If you watch this movie, you may find yourself thinking, “Where have I seen this before?” The setting is the Future. (Or is it?) And the mood is Dystopian.
We open with a bald man awakening from a void-like dream in a dark, vaguely religious-looking building. “Another day,” he says, in a
thoroughly defeated lackluster tone.
He dresses and emerges from the gloomy confines of his home into a shiny, bright, neon-lit
version of Blade Runner futuristic city.
The man’s name is Qohen (pronounced Cohen—and it took me a while to figure that out, because I kept thinking it was Colin) (played by Christopher Waltz) and, along with constantly referring to himself in the plural, he’s trying to qualify for disability. He’s also waiting for a certain phone call that allegedly will provide answers for him of some sort or other.
Basically, he’d prefer to work at home. In his pajamas. One can easily see why.
His workplace is hardly copacetic, given the numerous posters of “Management” (which, in this case, is a silhouette of Matt Damon) bearing the words: “Everything is Under Control” hung just about everywhere. Not to mention the rather ridiculous nature of his work.
And it helps not at all to have the world’s most annoyingly cheery supervisor to deal with. His name is Joby and he’s played to absolute perfection by David Thewlis.
So after failing to qualify as disabled, Qohen tries to meet Management at one of Joby’s parties. A rather surreal affair where Qohen first meets Bainsley, the movie’s sci-fi version of a femme fatale (played by Mélanie Thierry), although she can’t be all that fatale, since she saves him from choking on an olive.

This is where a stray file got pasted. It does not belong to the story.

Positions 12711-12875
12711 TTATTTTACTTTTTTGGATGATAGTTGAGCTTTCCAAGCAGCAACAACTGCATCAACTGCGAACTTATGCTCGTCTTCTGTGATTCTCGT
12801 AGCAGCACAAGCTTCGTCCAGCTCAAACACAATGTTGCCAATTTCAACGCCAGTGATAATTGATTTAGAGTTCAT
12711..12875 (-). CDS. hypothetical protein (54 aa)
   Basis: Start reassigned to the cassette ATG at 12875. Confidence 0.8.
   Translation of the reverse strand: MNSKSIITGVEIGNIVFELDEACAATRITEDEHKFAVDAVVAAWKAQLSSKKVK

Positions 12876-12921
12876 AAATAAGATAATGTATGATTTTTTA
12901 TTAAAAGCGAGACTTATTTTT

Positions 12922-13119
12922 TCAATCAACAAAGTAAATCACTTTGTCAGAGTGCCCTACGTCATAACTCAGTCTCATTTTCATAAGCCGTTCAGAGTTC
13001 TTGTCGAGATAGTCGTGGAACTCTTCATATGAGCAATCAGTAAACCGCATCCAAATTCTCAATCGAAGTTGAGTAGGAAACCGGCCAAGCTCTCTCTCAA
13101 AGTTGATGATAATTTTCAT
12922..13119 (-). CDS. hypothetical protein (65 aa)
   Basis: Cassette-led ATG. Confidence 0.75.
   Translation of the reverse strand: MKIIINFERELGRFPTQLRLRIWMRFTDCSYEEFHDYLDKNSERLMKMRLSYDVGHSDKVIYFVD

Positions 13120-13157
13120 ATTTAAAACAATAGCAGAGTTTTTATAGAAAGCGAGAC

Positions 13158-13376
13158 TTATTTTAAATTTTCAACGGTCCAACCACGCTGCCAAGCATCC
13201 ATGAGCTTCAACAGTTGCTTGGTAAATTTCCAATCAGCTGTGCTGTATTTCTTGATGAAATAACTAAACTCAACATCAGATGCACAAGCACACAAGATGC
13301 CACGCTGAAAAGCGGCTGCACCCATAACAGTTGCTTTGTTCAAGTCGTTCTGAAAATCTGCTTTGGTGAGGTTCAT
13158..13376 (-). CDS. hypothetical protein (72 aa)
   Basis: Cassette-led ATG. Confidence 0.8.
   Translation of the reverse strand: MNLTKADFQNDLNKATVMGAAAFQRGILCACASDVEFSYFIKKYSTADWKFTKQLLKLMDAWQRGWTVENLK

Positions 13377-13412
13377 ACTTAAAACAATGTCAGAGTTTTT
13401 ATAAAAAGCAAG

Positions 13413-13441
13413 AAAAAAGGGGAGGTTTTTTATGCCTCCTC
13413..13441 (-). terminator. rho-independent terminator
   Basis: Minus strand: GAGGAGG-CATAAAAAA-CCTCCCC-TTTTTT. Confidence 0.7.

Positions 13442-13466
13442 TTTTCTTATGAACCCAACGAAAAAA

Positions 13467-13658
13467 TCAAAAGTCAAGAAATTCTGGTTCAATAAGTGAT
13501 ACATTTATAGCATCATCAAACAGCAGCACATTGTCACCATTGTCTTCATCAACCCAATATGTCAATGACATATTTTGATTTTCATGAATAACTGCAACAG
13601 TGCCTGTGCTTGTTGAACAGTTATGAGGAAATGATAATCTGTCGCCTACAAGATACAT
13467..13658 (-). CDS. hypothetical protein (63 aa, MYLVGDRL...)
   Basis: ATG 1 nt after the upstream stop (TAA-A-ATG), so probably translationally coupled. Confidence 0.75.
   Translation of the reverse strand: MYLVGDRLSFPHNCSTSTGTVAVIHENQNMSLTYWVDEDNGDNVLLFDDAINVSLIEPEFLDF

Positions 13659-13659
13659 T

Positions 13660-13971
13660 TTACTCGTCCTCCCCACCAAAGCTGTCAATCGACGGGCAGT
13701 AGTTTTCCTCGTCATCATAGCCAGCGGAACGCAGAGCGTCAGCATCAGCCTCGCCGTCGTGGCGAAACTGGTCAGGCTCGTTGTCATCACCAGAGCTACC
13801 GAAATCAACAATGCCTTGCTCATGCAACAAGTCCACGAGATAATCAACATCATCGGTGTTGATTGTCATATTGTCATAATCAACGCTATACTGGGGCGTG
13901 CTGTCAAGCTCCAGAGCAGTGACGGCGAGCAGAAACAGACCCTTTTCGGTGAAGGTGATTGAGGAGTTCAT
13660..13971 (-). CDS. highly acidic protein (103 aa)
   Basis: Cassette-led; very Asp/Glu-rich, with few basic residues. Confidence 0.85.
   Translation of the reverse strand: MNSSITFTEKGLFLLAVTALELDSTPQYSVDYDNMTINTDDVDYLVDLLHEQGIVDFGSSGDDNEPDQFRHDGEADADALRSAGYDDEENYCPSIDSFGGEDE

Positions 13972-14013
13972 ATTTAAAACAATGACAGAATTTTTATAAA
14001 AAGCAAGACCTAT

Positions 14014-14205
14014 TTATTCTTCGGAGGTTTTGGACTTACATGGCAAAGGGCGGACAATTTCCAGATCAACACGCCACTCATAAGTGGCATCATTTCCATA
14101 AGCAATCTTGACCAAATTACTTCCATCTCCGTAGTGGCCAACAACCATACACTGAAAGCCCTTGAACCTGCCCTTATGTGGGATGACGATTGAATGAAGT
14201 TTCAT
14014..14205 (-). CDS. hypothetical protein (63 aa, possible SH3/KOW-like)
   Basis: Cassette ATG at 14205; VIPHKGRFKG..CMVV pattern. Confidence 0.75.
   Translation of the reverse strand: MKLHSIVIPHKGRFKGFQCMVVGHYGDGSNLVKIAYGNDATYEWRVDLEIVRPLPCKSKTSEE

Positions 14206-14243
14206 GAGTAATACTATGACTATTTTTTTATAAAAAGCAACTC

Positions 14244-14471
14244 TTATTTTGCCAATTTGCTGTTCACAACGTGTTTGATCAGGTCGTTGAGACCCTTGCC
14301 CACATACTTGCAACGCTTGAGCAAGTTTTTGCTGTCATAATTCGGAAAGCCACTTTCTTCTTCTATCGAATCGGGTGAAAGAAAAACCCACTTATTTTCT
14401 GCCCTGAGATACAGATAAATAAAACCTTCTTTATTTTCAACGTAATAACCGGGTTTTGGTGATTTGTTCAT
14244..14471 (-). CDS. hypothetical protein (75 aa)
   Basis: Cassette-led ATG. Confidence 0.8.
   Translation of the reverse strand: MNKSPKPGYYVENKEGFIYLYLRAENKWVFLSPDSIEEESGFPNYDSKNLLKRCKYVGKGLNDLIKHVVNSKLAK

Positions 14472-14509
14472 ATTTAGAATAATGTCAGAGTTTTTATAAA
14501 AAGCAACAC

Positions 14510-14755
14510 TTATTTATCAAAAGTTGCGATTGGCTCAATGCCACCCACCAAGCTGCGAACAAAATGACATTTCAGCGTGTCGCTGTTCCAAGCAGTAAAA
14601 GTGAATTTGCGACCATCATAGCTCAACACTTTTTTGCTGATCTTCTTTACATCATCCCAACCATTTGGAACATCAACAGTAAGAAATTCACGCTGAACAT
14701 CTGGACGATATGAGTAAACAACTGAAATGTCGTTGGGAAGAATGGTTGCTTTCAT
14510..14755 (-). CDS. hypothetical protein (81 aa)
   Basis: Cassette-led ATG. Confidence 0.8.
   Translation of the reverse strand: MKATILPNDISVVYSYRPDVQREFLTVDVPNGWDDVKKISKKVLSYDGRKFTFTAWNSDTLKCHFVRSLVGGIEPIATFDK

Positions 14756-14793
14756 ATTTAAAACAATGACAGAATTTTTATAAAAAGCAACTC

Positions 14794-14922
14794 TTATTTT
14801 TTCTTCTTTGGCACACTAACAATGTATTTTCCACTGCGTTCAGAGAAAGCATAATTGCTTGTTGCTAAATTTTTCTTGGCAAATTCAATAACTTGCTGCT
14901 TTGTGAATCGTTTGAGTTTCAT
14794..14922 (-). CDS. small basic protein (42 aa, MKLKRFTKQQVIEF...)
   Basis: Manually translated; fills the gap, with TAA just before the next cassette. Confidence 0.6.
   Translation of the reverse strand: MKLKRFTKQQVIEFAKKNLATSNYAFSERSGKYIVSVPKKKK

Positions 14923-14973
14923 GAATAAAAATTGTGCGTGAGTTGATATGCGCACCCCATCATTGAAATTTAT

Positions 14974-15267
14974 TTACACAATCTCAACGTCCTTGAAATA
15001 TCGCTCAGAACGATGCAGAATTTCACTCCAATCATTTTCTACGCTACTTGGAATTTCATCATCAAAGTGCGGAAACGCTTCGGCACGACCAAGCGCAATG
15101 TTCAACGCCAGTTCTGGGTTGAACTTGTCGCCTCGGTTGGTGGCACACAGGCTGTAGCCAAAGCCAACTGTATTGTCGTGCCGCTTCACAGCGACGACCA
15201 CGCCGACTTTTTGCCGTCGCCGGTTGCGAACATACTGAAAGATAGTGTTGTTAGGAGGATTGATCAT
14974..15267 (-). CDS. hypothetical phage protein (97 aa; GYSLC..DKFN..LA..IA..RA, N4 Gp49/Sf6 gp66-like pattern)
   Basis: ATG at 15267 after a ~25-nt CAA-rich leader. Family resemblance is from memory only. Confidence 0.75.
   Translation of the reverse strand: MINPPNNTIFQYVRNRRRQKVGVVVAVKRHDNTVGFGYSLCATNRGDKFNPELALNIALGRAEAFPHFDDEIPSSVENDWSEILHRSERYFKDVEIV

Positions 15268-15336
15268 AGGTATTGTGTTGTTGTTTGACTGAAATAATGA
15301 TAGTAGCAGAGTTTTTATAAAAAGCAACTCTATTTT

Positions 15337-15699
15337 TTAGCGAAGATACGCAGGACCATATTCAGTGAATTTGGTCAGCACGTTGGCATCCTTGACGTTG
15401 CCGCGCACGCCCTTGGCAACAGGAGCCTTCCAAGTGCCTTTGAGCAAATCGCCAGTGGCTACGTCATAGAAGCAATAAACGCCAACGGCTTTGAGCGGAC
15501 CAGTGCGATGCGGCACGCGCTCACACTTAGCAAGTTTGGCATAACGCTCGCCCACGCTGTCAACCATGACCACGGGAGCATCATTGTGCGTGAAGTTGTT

Now and then, Management (in the form of Matt Damon in the flesh and wearing clothes that match the decor to the point where he appears to be a floating head) shows up, spits out a few cryptic words, and vanishes.
After all this, Qohen is allowed to work at home, but it is required to undergo therapy with an AI shrink (played awesomely by Tilda Swinson).
He has also been assigned a “special project”—he must solve the “Zero Theorem,” a “hush hush” endeavor (according to Joby) that involves working out a mathematical formula such that “0 must equal 100%”. Whatever that means. I suspect that one of Zeno’s paradoxes may throw a spanner in those works.
To sum it up, Qohen goes a bit nuts trying to handle the assignment. Management’s teenage son, Bob, makes occasional visits and gets many a snappy line. After Qohen (or Q, as Bob calls him, because … well, just because) smashes the works with a hammer, Bob fixes it back up.
Bob has all sorts of things to say to Qohen about his job, Bainsley (who’s actually a sex worker being paid by Management—or so Bob says), and the way Qohen is really just a cog caught in a big machine. One that won’t let people go—not easily, at any rate.
This film may (or may not) be the third in director Terry Gilliam’s satirical dystopian trilogy or “Orwellian triptych”, along with Brazil and 12 Monkeys. Apparently, Gilliam is ambivalent on this point.
Frankly, there’s enough existential angst, pondering over the meaning of it all, masses of dehumanizing machinery with long, corrugated conduits snaking from it, and other visual earmarks of Gilliam’s style to make me think Orwell would have approved.
I will say nothing of the end, except that it reminded me of Brazil, but just a bit less, um, paranoid?
For an international production with an American director, there’s something distinctly British about all this. The fact that the actors are British might explain this to an extent. But even so, while authors around the world have written dystopian sci-fi, the British seem to do it so cheerfully.
Great fun for anyone who enjoys dystopian sci-fi and/or Terry Gilliam.